CP Rail union members begin picketing in Calgary

Dozens of members of the union representing employees of Canadian Pacific (CP) Railway, were out picketing in Calgary on Sunday due to the early morning shutdown. 

Bill Merriman, a locomotive engineer and president of the local chapter of Teamsters Canada Rail Conference (TCRC), said members were hopeful that CP and the union would reach a negotiation soon. 

“[Our members] understand what the issues are,” said Merriman. 

“They’re not thrilled about it, but I mean sometimes it’s a necessary evil, short term pain for long term gain.” 

TCRC members were picketing at both the CP Alyth yard off of Ogden Dale Road S.E. and the CP intermodal terminal off of 52 street S.E.

While Merriman said he knows that industries relying on CP rail will suffer from the shutdown, he also wants the public to understand the reasons TCRC members called for a strike in the first place. 

“I’m on call 24 hours a day, 7 days a week, 365 days a year ⁠— I have no idea when I’m leaving and when I’m getting home and I’m also away from my family 80 to 110 hours a week,” said Merriman. 

“I understand that it hurts the Canadian economy, that these people are suffering, but unfortunately, when you have a company that doesn’t want to negotiate in good faith, this is the end result.” 

Bill Merriman says that members of TCRC are committed to walking the picket lines for as long as it takes until the CP rail and the union can come to an agreement. (Terri Trembath/CBC)

TCRC issued a release just before midnight on Saturday saying a lockout was being initiated by management at the Calgary-based railway.

The union then issued a subsequent release that said in addition to the lockout, TCRC members were also on strike throughout the country, with picketing underway at various Canadian Pacific locations.

Canadian Pacific spokesperson Patrick Waldron said that as a result of the work stoppage, the railway was safely executing a Canada-wide shutdown of its services.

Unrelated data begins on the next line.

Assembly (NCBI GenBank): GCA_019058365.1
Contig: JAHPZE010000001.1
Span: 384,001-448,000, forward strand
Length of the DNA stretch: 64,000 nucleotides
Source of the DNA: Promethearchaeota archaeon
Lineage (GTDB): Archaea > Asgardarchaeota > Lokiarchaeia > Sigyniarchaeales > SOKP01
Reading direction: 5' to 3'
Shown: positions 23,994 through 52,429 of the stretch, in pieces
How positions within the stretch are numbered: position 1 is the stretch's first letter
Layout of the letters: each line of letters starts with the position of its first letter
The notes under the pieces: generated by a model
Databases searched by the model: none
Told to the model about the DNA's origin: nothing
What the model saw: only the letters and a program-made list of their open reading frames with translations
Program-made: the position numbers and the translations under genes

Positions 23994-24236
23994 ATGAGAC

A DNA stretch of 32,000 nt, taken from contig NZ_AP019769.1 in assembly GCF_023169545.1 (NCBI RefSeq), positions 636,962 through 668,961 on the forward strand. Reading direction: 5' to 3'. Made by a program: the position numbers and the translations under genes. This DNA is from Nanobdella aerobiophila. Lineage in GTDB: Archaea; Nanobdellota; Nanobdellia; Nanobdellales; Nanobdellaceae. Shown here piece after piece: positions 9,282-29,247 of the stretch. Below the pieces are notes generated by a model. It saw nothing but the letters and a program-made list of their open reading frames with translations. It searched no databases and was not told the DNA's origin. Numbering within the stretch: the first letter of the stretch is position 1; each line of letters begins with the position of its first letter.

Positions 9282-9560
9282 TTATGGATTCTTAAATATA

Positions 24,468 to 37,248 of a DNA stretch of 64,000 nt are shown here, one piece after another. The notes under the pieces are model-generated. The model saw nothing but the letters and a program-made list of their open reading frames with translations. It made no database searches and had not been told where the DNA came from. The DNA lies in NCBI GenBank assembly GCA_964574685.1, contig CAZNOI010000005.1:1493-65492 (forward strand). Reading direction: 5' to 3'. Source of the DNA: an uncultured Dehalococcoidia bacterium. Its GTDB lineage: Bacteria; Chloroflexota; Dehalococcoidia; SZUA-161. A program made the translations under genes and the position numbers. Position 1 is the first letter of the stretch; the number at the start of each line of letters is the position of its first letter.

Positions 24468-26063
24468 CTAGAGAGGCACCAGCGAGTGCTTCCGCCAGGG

The office of federal Labour Minister Seamus O’Regan said in a statement that while the work stoppage had begun, both parties were still at the bargaining table with mediators and it expected “the parties to keep working until they reach an agreement.”

The more than two dozen outstanding issues in the dispute include wages, benefits and pensions.

Alberta farmers concerned

Bob Lowe is the president of the Canadian Cattlemen’s association and runs Bear Trap Feeders, a feedlot near Nanton, Alta. He said that operations like his have mere weeks of feed reserves before their animals begin to go hungry. 

“You’re going to see a lot of hurt if [the shutdown] lasts two weeks,” he said. 

Because of last year’s drought, many Alberta farmers couldn’t grow enough feed to meet their needs locally. 

“So the whole feeding industry, which is somewhere north of a million head of cattle right now on feed, are relying on corn [and dried distiller’s grains] coming out from the United States,” said Lowe. 

He said that in the result of a rail shutdown, no number of truck shipments would be able to make up the difference. 

“It seems funny to me that of all the black swan events that we’ve had in the last two years, the one that could be the most devastating is human-caused,” said Lowe.   

Bob Lowe, president of the Canadian Cattlemen’s Association, says Canadian cattle farmers are heavily relying on getting feed from the U.S. by train, because last year’s drought created a huge shortage in Canada. (Terri Trembath/CBC)

Tom Steve, general manager of the Alberta Wheat and Barley Commissions, said crop farmers will also feel swift impacts from the shutdown if it isn’t resolved quickly. 

“The timing is really bad, particularly for farmers coming out of the worst drought in 20 years. A lot of them are short of cash flow. And if they can’t move that last bit of crop in a timely fashion, that’s going to affect their ability to finance the crop,” he said.

Steve said he’s concerned that some farmers may not be able to receive necessary crop inputs, like fertilizer. 

“In this particular circumstance [farmers] may not be able to access all the products that they need to to actually nourish the crop and bring it to market.”

The shutdown, on top of rising commodity prices and drought risks, are making the upcoming season an unstable one for farmers. 

“This will probably be the most expensive crop that is seeded in western Canadian history,” Steve said.

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